IFComp 2014: Excelsior   2 comments

How minimalist is too minimalist?

I had this question while playing Arthur DiBianca’s Excelsior, an abstract puzzle game with a parser reduced to direction commands, examining, and the USE verb.

There were moments of quiet beauty

You must be nearly a hundred feet off the ground. You can see out east over the tops of the trees. Beyond the forest loom the dim forms of mountains.

but for the most part the lack of fertile description was just dull

South Room
A pedestal stands in the middle of this room. The exit is north.

On the pedestal is a black cube.

and to be honest, confusing. This is bad in a puzzle game.

Because USE is so vague, I was sometimes confused as to the effects — was it going to take an item, or manipulate it somehow, and if it was going to manipulate it how was it going to happen?

The sparse description also had some negative puzzle impact — to give a very specific example…

S
P
O
I
L
E
R
.
.
.
.
.
.
.
S
P
A
C
E
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.
.
.

…here is a transcript of an early puzzle:

South Room
A pedestal stands in the middle of this room. The exit is north.

On the pedestal is a black cube.

> use cube
As you take the cube, an iron gate slides across the exit with a clang!

> l
South Room
A pedestal stands in the middle of this room. The exit is north.

The exit is blocked by an iron gate.

> use gate
The gate doesn’t budge.

> use broom
You will need to use the broom on something.

> use broom on gate
You try to pry the gate with the broom, but it doesn’t work.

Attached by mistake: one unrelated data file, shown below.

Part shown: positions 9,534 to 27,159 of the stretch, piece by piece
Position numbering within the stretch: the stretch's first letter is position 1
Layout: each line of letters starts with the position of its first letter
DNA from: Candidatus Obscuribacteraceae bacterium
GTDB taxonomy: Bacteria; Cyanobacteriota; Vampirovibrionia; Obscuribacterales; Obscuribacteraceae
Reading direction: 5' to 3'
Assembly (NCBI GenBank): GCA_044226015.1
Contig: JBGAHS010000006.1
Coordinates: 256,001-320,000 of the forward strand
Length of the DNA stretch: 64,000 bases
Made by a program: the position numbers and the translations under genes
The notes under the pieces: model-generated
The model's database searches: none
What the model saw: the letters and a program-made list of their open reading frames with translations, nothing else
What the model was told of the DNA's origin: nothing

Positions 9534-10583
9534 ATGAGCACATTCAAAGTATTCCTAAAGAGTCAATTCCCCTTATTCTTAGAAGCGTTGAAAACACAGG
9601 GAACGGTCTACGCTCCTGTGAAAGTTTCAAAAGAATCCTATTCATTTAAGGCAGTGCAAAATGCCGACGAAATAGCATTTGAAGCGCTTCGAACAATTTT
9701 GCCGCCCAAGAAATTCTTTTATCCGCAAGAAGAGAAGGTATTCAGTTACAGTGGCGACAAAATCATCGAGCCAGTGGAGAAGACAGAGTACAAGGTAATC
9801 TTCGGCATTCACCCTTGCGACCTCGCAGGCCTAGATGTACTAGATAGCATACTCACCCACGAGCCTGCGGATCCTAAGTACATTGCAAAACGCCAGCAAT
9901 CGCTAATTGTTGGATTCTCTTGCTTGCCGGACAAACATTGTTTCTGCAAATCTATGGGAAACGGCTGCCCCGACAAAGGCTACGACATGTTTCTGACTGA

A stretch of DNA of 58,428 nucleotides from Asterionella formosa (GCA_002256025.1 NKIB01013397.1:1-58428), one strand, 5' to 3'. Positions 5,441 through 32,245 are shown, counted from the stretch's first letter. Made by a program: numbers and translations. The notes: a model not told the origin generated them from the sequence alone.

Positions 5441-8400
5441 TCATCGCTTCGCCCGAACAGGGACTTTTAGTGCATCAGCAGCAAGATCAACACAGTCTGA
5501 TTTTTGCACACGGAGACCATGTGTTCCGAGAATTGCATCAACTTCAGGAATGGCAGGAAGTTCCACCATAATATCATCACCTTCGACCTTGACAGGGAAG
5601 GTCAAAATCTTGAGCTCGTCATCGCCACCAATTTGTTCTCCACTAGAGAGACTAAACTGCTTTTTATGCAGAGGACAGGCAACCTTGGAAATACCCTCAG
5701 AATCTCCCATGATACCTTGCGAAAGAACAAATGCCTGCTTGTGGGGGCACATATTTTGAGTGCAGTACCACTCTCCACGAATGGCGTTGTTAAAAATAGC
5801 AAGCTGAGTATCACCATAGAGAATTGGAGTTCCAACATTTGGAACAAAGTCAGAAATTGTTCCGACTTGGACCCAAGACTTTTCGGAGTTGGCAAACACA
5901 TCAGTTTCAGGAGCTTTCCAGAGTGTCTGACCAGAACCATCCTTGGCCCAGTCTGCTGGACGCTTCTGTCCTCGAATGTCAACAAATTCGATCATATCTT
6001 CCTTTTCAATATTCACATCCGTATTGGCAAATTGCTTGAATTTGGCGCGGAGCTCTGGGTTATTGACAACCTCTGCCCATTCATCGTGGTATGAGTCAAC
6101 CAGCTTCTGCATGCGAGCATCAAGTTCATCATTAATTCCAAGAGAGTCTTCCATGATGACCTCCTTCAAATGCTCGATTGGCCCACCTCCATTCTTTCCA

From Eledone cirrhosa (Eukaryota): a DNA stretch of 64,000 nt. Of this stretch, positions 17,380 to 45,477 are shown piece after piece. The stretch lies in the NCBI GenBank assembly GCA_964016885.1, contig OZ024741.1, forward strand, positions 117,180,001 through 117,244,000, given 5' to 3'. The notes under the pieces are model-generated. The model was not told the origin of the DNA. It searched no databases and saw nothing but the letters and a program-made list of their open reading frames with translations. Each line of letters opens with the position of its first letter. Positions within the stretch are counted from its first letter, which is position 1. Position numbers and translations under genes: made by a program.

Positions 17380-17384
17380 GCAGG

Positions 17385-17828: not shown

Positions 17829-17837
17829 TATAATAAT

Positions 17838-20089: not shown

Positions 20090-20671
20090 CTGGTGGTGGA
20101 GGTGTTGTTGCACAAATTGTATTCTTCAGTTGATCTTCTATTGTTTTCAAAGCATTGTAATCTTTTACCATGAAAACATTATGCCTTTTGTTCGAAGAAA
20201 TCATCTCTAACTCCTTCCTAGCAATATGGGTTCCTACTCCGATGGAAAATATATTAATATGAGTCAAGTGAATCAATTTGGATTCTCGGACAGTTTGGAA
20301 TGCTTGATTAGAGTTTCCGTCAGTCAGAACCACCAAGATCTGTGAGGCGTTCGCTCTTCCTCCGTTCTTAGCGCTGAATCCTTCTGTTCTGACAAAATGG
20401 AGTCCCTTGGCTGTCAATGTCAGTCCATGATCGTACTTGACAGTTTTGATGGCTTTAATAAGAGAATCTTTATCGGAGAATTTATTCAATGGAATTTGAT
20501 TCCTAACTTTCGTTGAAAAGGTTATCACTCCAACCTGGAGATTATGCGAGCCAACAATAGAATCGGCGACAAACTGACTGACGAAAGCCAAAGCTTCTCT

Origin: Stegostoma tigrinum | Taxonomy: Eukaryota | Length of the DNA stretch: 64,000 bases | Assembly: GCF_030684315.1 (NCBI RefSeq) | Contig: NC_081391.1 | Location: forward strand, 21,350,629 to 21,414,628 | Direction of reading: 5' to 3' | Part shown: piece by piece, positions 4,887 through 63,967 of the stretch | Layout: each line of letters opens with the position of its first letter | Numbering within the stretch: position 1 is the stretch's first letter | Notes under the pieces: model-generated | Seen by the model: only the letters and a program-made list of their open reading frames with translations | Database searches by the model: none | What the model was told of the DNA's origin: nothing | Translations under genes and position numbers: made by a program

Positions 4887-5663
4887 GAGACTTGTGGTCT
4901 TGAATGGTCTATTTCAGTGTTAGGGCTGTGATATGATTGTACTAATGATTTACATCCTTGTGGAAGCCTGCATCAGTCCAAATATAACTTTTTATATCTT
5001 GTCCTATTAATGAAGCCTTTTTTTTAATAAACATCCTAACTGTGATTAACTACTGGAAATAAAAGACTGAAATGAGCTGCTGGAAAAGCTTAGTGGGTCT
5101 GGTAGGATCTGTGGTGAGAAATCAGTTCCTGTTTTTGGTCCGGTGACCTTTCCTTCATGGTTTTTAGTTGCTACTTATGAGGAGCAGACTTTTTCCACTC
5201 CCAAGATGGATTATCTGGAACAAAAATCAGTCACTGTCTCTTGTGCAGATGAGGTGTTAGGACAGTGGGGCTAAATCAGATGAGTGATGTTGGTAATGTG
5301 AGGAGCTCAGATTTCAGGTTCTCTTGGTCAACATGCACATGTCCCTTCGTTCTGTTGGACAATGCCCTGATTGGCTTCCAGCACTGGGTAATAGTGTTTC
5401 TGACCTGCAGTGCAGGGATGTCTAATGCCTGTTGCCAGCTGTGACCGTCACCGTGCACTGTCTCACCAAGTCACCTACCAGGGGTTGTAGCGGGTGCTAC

> use cube on pedestal
You place the cube on the pedestal, and the iron gate retracts.

You hear a muffled rattle from far above.

> l

South Room
A pedestal stands in the middle of this room. The exit is north.

On the pedestal is a black cube.

Would you suspect, from the description, that this was possible?

> use broom on gate
You wedge the broom between the gate and the other side of the doorway.

Yes, you can refer to the gate, even though you can’t see it, and even if technically you aren’t using the broom on the gate at all but the doorway. (And no, USE BROOM ON DOORWAY doesn’t work.)

The sparse descriptions also made the latter part of the game tiresome, involving a rotating room and complex mechanism. I never could fully visualize what was going on and I still am puzzled as to the exact layout.

The ending has a “score” involving number of coins picked up and number of levers pulled. I missed some, but I can’t imagine going back to find them; no nooks possessed me with delight once opened, no objects gave a thrill once found.

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Posted October 22, 2014 by Jason Dyer in Interactive Fiction

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2 responses to “IFComp 2014: Excelsior

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  1. Pingback: IFComp 2015: Grandma Bethlinda’s Variety Box | Renga in Blue

  2. Pingback: IFComp 2017: The Wand | Renga in Blue

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